We were about to go out for a trip… I can still remember what “Saturday” felt like 25 years ago…
I put my toys together, tools to play on the beach, sandals, several t-shirts and two short pants for the rest of the week. My mother would pack the huts, sun-screen lotion and some pocket medicines (aspirins, first-aid stuff, and maybe a set of clippers). Obviously, there was only one car per family, so space was limited and it had to be used efficiently.
However, as a latin woman she is, mom would go through our bags before we take off just to “check”. By the end of her supervision, one third or even half of the stuff would find its way back and would not leave the house. A small tantrum was always the reaction, and its average lasting time was about 10 minutes. Once we arrived at our destination (normally the beach), the toys left behind on the bed were not important anymore. The excitement of running and chasing the waves as they fade away in the sand was a hundred times more enjoyable than anything else. My mother, who knows better (of course), would made it clear that she was right… “If you bring too much stuff, you cannot enjoy the beach. You will find yourself taking care of things, and will miss the point of being at the beach”.
Today, I find myself in the midst of a young-adult life (whatever that means) that requires me to “take care” of many things: insurances, car, rent, groceries, clothes, credit cards, daily job, and on and on… and I can still hear my mother shouting to me “pull out half of the stuff from your backpack. You won’t need all that and you won’t enjoy the trip”.
Whether one believes in reincarnation, resurrection, evolution, or extraterrestrial master plans, we are here about 80 years on average. Life (in all its forms) is a short trip. The only constant and predictable aspect of life is that it is in constant change. Since this short trip is full of unpredictable turns, positives and negatives events will shape the course of our experience. Sometimes the trip is rather shorter, sometimes is longer. Some people find themselves next to the window, some others find it squeezed in the middle of strangers, and some others travel asleep so that they are not even aware they are traveling… No matter in what scenario we find ourselves traveling, a light luggage will always make the trip a little easier.
Traveling with a few little things is not about searching for a “monastic”, “poor”, or a “restrained” life. Traveling light is about freedom.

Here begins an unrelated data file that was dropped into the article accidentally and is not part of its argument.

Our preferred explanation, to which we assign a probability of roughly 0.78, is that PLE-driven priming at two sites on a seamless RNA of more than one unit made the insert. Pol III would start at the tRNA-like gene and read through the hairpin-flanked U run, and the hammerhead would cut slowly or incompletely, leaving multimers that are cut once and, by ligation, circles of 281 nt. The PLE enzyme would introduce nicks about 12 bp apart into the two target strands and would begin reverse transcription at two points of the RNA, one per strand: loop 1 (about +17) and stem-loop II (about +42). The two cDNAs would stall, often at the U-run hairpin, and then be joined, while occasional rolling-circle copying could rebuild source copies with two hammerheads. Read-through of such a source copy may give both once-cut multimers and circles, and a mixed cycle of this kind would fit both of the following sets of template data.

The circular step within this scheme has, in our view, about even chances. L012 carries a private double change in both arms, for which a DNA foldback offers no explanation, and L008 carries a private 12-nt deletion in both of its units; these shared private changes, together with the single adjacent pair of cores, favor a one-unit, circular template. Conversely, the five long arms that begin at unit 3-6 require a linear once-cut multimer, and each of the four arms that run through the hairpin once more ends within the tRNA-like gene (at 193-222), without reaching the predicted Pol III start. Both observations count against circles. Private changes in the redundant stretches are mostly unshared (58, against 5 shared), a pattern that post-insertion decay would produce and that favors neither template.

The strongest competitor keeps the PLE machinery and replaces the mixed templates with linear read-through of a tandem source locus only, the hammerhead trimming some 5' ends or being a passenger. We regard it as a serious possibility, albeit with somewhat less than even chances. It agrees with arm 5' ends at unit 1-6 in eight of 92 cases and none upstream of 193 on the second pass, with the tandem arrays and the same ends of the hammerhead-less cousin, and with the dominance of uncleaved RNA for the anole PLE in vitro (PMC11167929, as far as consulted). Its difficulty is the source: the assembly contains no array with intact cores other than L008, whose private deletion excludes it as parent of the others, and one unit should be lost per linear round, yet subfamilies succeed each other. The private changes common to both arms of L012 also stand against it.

Freedom is ultimately one of the key ingredients for happiness and joy. The Merriam-Webster dictionary defines freedom as “the absence of necessity, coercion, or constraint in choice or action”. One is generally a free person when finds him or herself spending time doing what it is most enjoyable without much restrains: spending time with loved ones, building meaningful relationships, playing the piano, traveling (or whatever you really enjoy doing), etc. But if one spends its time making the “luggage” bigger, one has to carry it and that consumes much time and energy; the time and energy required to enjoy the trip.
Traveling light is a concept that makes some people uncomfortable. We live in a society that equates success with accumulation. Therefore, we spend our days working hard in order to “make it” so that one day one has “enough”. The problem with this mentality is that “enough” is an illusion. The day of “having enough” is like the pot of gold at the end of the rainbow. It is a tramp that catches people in a never-ending search. In the mean time, our relationships suffer, our body suffers, and in order to escape that pathological pattern, we engage even deeper in the illusion of “one day I will enjoy life” if I just keep trying harder now.
Traveling light is an attitude towards life. It is the attitude of understanding that life is fragile, and that we are here for a very short time. Traveling light also implies to release the toxicity of the past; the past does not exist. As much trauma, regrets, and bad experiences we have had (because we all have them one way or another), one must learn to release the toxicity that they once created. Our luggage becomes extremely heavy and uncomfortable to carry when is full of negative emotions, and those emotions are normally rooted in the past.
I am more able to experience and to enjoy life if I have less things to carry with me. Wether it is emotional luggage or material possessions, there is a sense of freedom if one has less to worry about. Traveling light might be a risk… It might represent to leave things behind. It might represent a detachment from things. It might represent to live with less…But it is worth to try. Perhaps that way, we might suddenly discover ourselves actually enjoying the trip.
My mom was right… I didn’t miss my toys once I saw the beach. I didn’t need that much to enjoy. In fact, they were distractions from the real pleasure. Let’s “check” our backpacks… There might be some things we just simply don’t need and will make the trip less enjoyable.